Whether a kid beginning to tinker around or a well-seasoned engineer looking for a hobby, there’s just something about robotics that Makers of all ages and levels love. Sure, pre-built ‘bots are great, but DIY droids are even better. Unfortunately, constructing custom robots at home can be quite costly and difficult to attain the necessary components.


That is why UK-based Maker Club has launched an Indiegogo campaign for its new project designed for both the consumer and educational markets that combines an Atmel based control chip, a mobile app, an online learning package and 3D printing.

The concept first originated after founder Simon Riley volunteered at his sister’s school teaching code to students ages 9-11. Riley realized just how much more the kids learned and enjoyed themselves when the activities were hands-on. After receiving a Rep Rap 3D printer as a present and a eureka moment, the idea for Maker Club was conceived.


The robots are each controlled with what its creators have named, MakerConnect. Its microcontroller brain and accompanying app were developed to control not just the bots but anything Arduino-based over Bluetooth LE. MakerConnect’s on-board chip and Arduino library make way for limitless possibilities, enabling Makers to control anything from RC cars and hexapods to household lights and sensors.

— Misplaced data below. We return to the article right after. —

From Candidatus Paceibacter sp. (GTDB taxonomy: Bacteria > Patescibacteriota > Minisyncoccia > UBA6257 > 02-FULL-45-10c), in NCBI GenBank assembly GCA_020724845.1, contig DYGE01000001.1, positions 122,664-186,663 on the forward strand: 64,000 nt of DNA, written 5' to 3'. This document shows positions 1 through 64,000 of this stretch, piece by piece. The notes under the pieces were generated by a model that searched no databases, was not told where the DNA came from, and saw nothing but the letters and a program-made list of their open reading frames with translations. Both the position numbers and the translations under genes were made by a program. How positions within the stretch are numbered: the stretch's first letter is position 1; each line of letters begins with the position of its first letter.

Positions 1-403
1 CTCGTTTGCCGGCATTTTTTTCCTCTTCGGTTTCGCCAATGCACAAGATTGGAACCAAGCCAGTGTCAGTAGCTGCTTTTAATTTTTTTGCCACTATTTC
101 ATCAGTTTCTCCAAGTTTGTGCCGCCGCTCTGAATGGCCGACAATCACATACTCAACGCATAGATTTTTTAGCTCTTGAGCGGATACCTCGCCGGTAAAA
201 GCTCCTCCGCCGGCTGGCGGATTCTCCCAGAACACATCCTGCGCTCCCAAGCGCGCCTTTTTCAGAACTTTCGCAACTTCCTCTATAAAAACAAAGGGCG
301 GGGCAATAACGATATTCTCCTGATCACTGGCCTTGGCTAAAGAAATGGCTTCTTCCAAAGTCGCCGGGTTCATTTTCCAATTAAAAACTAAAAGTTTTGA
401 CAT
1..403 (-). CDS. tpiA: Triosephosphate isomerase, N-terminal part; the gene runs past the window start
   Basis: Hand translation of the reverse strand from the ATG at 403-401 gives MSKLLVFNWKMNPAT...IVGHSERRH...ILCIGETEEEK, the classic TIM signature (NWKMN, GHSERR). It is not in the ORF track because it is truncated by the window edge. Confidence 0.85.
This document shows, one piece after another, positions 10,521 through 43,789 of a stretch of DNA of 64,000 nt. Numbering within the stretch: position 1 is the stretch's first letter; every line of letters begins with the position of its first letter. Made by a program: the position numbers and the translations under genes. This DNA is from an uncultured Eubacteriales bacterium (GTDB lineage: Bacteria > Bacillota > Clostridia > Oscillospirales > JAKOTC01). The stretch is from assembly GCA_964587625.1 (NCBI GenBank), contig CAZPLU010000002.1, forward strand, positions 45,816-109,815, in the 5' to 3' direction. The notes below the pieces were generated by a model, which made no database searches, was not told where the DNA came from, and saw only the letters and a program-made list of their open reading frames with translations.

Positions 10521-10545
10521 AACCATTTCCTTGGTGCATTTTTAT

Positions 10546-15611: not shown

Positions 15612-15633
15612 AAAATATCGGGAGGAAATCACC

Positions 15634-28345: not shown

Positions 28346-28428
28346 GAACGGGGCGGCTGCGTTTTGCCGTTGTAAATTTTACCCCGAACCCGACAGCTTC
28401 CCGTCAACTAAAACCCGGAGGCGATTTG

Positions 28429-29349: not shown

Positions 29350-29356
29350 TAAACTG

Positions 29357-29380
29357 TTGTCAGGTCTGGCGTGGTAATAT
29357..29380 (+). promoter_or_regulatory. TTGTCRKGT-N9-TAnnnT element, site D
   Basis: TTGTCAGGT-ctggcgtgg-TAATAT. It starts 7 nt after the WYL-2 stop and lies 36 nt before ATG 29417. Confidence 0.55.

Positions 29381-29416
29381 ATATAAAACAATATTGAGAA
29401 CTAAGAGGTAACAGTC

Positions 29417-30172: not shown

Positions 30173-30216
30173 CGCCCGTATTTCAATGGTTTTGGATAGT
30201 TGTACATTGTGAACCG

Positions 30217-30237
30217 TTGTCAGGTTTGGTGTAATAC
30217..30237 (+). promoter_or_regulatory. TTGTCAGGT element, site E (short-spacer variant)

Why stop there? If all goes well, the team is also planning to leverage the power of a user’s mobile device to connect the app to the cloud, ultimately allowing Makers to remotely race cars or access sensor data in other parts of the world.


“It’s cross curricular and a perfect introduction to the world of robotics, giving young Makers the skills and confidence to invent anything, while allowing seasoned pros the chance to use our extensive Library of code to build even more complex creations,” the team writes.


The Maker Club has designed a range of interchangeable components, each ready to be built right out-of-the-box or directly from your 3D printer. The team has even developed a library of Arduino code, which it hopes to frequently expand with new ‘botlings.’

“Our kits use the same components that the professionals use to prototype their hardware. This means that once young Makers have gotten to grips with our robots, they can start using the thousands of commercially available sensors and outputs to prototype their own inventions.”


Maker Club assures its backers that they will provide all the necessary support in helping bring ideas to life, while future roboticists will be able to sell their own bot designs on its online portal. Don’t own a desktop 3D printer? No need to fret! The team will print all the requisite components and ship them directly with all of the necessary electronics for the build. These pre-printed kits include a Grabber robotic arm, a Carduino RC, Quadmonster and Insectoid — each of which make for a perfect holiday gift for those 12 and up!

Interested in learning 3D-printed robotics? Hurry on over to the project’s official crowdfunding campaign page here.